What is caudal regression syndrome?

Caudal regression syndrome is a rare congenital disorder. It’s estimated that 1 to 2.5 in every 100,000 newborns is born with this condition.

It occurs when the lower spine doesn’t fully form before birth. The lower spine is a part of the “caudal” half. This area contains the parts of the spine and bones that form the hips, legs, tailbone, and several important organs in the lower body.

This condition is sometimes called sacral agenesis because the sacrum, a triangle-shaped bone that connects the backbone to the pelvis, only partially develops or doesn’t develop at all.

Keep reading to learn more about why this may happen, what treatment options are available, and what to expect in the short and long terms.

The exact cause of caudal regression syndrome isn’t always clear. Some research suggests that having diabetes or not getting enough folic acid in your diet during pregnancy can increase the chance of your child’s caudal region not fully developing. The incidence of this syndrome is much higher in infants born to mothers with diabetes, particularly if the diabetes is poorly controlled. But since it also occurs in infants whose mothers don’t have diabetes, there may be other genetic and environmental factors involved.

The first signs of caudal regression syndrome usually appear between your fourth and seventh weeks of pregnancy. In most cases, the condition can be diagnosed by the end of your first trimester.

If you have diabetes — or if you’ve developed gestational diabetes during pregnancy — your doctor may perform an ultrasound specifically to look for signs of this condition. Otherwise, routine ultrasound tests will look for any fetal abnormalities.

If your doctor suspects caudal regression syndrome, they may perform an MRI after 22 weeks of pregnancy. This will allow them to see even more detailed images of your child’s lower body. An MRI may also be used after your child is born to confirm the diagnosis.

After a diagnosis is made, your doctor will use ultrasound or MRI testing to determine how severe the condition is.

They will go on to diagnose one of the following types:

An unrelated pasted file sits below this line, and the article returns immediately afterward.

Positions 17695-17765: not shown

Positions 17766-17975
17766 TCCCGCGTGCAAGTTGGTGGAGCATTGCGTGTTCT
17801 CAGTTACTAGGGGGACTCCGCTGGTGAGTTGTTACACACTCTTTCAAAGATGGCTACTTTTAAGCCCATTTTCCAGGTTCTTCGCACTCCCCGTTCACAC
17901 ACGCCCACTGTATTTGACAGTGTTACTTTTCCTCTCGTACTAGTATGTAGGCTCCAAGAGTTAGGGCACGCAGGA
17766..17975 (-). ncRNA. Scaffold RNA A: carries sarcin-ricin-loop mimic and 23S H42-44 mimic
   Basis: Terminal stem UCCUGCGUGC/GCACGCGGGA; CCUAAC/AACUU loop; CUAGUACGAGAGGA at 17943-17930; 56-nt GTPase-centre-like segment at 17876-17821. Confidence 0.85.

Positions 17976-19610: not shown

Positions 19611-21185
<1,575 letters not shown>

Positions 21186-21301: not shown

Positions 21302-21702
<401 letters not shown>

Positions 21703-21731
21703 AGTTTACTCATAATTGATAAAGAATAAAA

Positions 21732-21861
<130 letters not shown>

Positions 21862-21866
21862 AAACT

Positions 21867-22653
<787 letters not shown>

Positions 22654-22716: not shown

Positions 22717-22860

• Type I: Only one side of the sacrum has any abnormalities or hasn’t developed. It’s usually referred to as being partial, or unilateral.
  • Type II: Both sides of the sacrum have abnormalities or didn’t develop. This is referred to as being uniform, or bilateral.
  • Type III: The sacrum hasn’t developed at all, and some of the lower vertebrae just above the sacrum in the lower back have fused together.
  • Type IV: The leg tissues have completely fused together.
  • Type V: One set of leg tissue is missing.

Types I and II are the most commonly reported. They usually involve missing bones around the sacrum. Types III and IV are more severe and can involve abnormalities in the brain and other bodily functions.

In rare cases, your child may be diagnosed with Type V caudal regression syndrome. This means that your child has only grown one set of the tibia and femur bones, two of the main bones that make up your leg. Type V is sometimes called sirenomelia, or “mermaid syndrome,” because of the presence of only one leg.

Your child’s symptoms will depend on the type of caudal regression syndrome that’s diagnosed.

Mild cases may not cause any noticeable changes in your child’s appearance. But in severe cases, your child may have visible differences in the leg and hip area. For example, their legs may be permanently bent in a “frog-like” stance.

Other visible characteristics may include:

  • spine curving (scoliosis)
  • flat buttocks that are noticeably dimpled
  • feet bent upward at a sharp angle (calcaneovalgus)
  • clubfoot
  • imperforate anus
  • opening of the penis on the underside instead of the tip (hypospadias)
  • testicles not descending
  • not having any genitals (genital agenesis)

Your child may also experience the following internal complications:

  • abnormally developed or missing kidneys (renal agenesis)
  • kidneys that have grown together (horseshoe kidney)
  • nerve damage to the bladder (neurogenic bladder)
  • bladder that sits outside of the abdomen (bladder exstrophy)
  • misshapen large intestine or large intestine that sits abnormally in the gut
  • intestine that pushes through weak areas of your groin (inguinal hernia)
  • vagina and rectum that are connected

These characteristics can lead to symptoms such as:

Treatment depends on how severe your child’s symptoms are.

In some cases, you child may only need special shoes, leg braces, or crutches to help them walk and move around. Physical therapy may also help your child build strength in their lower body and gain control of their movements.

If your child’s legs didn’t develop, they may be able to walk using artificial, or prosthetic, legs.

If your child has trouble controlling their bladder, they may need a catheter to drain their urine. If your child has an imperforate anus, they may need surgery to open a hole in their intestine and pass stools outside of their body into a bag.

Surgery can also be done to treat certain symptoms, such as bladder exstrophy and inguinal hernia. Surgery performed to treat these symptoms usually resolves them completely.

Your child’s outlook will depend on the severity of their symptoms. Your doctor is your best resource for information about your child’s individual diagnosis and any anticipated complications.

In mild cases, your child may go on to live an active and healthy life. Over time, they may be able to use special shoes, braces, or prosthetics to support their body weight and help them move around.

In severe cases, complications in the heart, digestive system, or renal system may affect your child’s life expectancy. Your doctor can provide you with more information about what to expect after childbirth and discuss your options moving forward.